52 Films By Women: Always Be My Maybe



By Andrea Thompson

I was less than impressed by “Set It Up,” the last Netflix rom-com I watched, so it was a relief that “Always Be My Maybe” is about as progressive as it thinks it is. The movie addresses race, a major blind spot in not only “Set It Up,” but of quite a few rom-coms in general, which tend to heavily rely on the trope of the black best friend. But “Always Be My Maybe” just doesn't have a cast that's mostly Asian, it's culturally specific in how it references the differences between the cultures.

Sasha (Ali Wong, who co-wrote) and Marcus (Randall Park) are definitely a couple worth rooting for. They meet as kids in San Francisco, where they're inseparable from childhood to their teen years, which at one point involves matching Wayne’s World Halloween costumes. Awww. Sasha's parents are always away at the store where they work, so she also finds a kind of surrogate family with Marcus's parents, especially his mother Judy (Susan Park), where she learns a love of cooking that will be the bedrock of her hugely successful career.

Sasha and Marcus fall out as teen, shortly after Judy dies. Shortly after, Marcus and Sasha have sex for the first time. The aftermath is a mutual awkwardness that can occur even under the best of circumstances, and feels way, way, too relatable. Much like teen years in general, people tend to forget how the first time can lead to even more weirdness rather than ending it. It ends up inadvertently ending the friendship between Marcus and Sasha.

Given the whole situation, which includes the recent death of his mother, it's understandable that Marcus would lash out at Sasha. And it's just as understandable why his anger would be so devastating to Sasha. They were both already on the precipice of major changes, and this comes just to in time to lead to an estrangement that lasts 15 years. By the present, they're both in very different places. Sasha is a hugely successful celebrity chef, while Marcus is still living and working with his father at their air conditioning company. He's also in a band called Hello Peril (a play on the term yellow peril, a period where Asians were seen as a threat) that has found some local success, but is reluctant to play outside his neighborhood.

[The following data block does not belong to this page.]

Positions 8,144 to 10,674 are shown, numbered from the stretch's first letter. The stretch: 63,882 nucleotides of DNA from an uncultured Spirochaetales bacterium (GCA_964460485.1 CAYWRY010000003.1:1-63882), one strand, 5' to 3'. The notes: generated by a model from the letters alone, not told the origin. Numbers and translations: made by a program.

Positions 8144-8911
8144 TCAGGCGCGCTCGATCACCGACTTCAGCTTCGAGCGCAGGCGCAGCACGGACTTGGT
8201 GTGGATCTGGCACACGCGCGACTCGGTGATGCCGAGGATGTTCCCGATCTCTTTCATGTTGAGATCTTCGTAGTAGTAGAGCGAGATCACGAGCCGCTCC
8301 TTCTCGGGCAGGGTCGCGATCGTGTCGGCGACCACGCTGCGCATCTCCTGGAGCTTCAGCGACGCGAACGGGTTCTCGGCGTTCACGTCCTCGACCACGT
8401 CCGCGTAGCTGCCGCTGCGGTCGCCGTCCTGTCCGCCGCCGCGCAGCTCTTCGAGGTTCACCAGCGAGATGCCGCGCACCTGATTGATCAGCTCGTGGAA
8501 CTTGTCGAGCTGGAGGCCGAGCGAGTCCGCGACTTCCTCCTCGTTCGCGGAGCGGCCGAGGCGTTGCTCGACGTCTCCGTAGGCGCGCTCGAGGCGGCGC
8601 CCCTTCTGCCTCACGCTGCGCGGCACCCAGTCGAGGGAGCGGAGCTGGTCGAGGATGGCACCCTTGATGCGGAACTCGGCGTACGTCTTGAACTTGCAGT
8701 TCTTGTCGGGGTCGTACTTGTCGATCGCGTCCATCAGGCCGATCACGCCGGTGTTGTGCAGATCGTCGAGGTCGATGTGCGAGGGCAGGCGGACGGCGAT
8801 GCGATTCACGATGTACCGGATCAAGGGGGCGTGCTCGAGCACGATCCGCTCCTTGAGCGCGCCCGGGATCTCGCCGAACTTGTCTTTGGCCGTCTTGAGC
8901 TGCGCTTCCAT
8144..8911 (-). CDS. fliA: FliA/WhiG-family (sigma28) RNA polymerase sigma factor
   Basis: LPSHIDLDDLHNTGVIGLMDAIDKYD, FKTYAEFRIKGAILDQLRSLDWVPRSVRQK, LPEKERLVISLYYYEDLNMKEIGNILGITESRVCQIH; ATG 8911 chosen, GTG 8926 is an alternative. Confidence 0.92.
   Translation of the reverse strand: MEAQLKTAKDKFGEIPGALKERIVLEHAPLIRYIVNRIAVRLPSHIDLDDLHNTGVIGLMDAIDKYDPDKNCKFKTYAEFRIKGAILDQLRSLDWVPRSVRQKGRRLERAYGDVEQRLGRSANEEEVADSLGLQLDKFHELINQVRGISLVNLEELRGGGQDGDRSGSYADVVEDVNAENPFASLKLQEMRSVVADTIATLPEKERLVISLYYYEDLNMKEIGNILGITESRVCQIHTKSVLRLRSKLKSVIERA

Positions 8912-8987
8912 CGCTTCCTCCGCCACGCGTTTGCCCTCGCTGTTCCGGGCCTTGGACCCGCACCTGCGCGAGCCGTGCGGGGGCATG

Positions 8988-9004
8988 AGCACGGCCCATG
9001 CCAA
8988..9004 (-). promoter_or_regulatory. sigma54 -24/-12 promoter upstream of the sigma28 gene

When Sasha returns to San Francisco to open a new restaurant, she and Marcus reconnect. It's of course a bit awkward at first, but they quickly fall into old familiar friendship patterns, with the two of them even going to their favorite childhood restaurant after Sasha breaks up with her handsome and successful, yet detached, commitment-phobic fiance Brandon Choi (Daniel Dae Kim). Marcus also has a girlfriend (Vivian Bang) albeit one he's only been dating for five months who's clearly wrong for him.

We all know where this is going, and it's refreshing that Marcus is pretty quick to realize that he is and always has been in love with Sasha. Less of the arbitrary rigamarole! Yay! This is still a rom-com though, and there's plenty of movie left, so we know it's not gonna be that easy. And sure enough, Sasha just happens to meet someone. And it involves one of the most hilarious celebrity cameos ever. Because the guy Sasha has been dating turns out to be...Keanu Reeves, who plays a demented version of himself.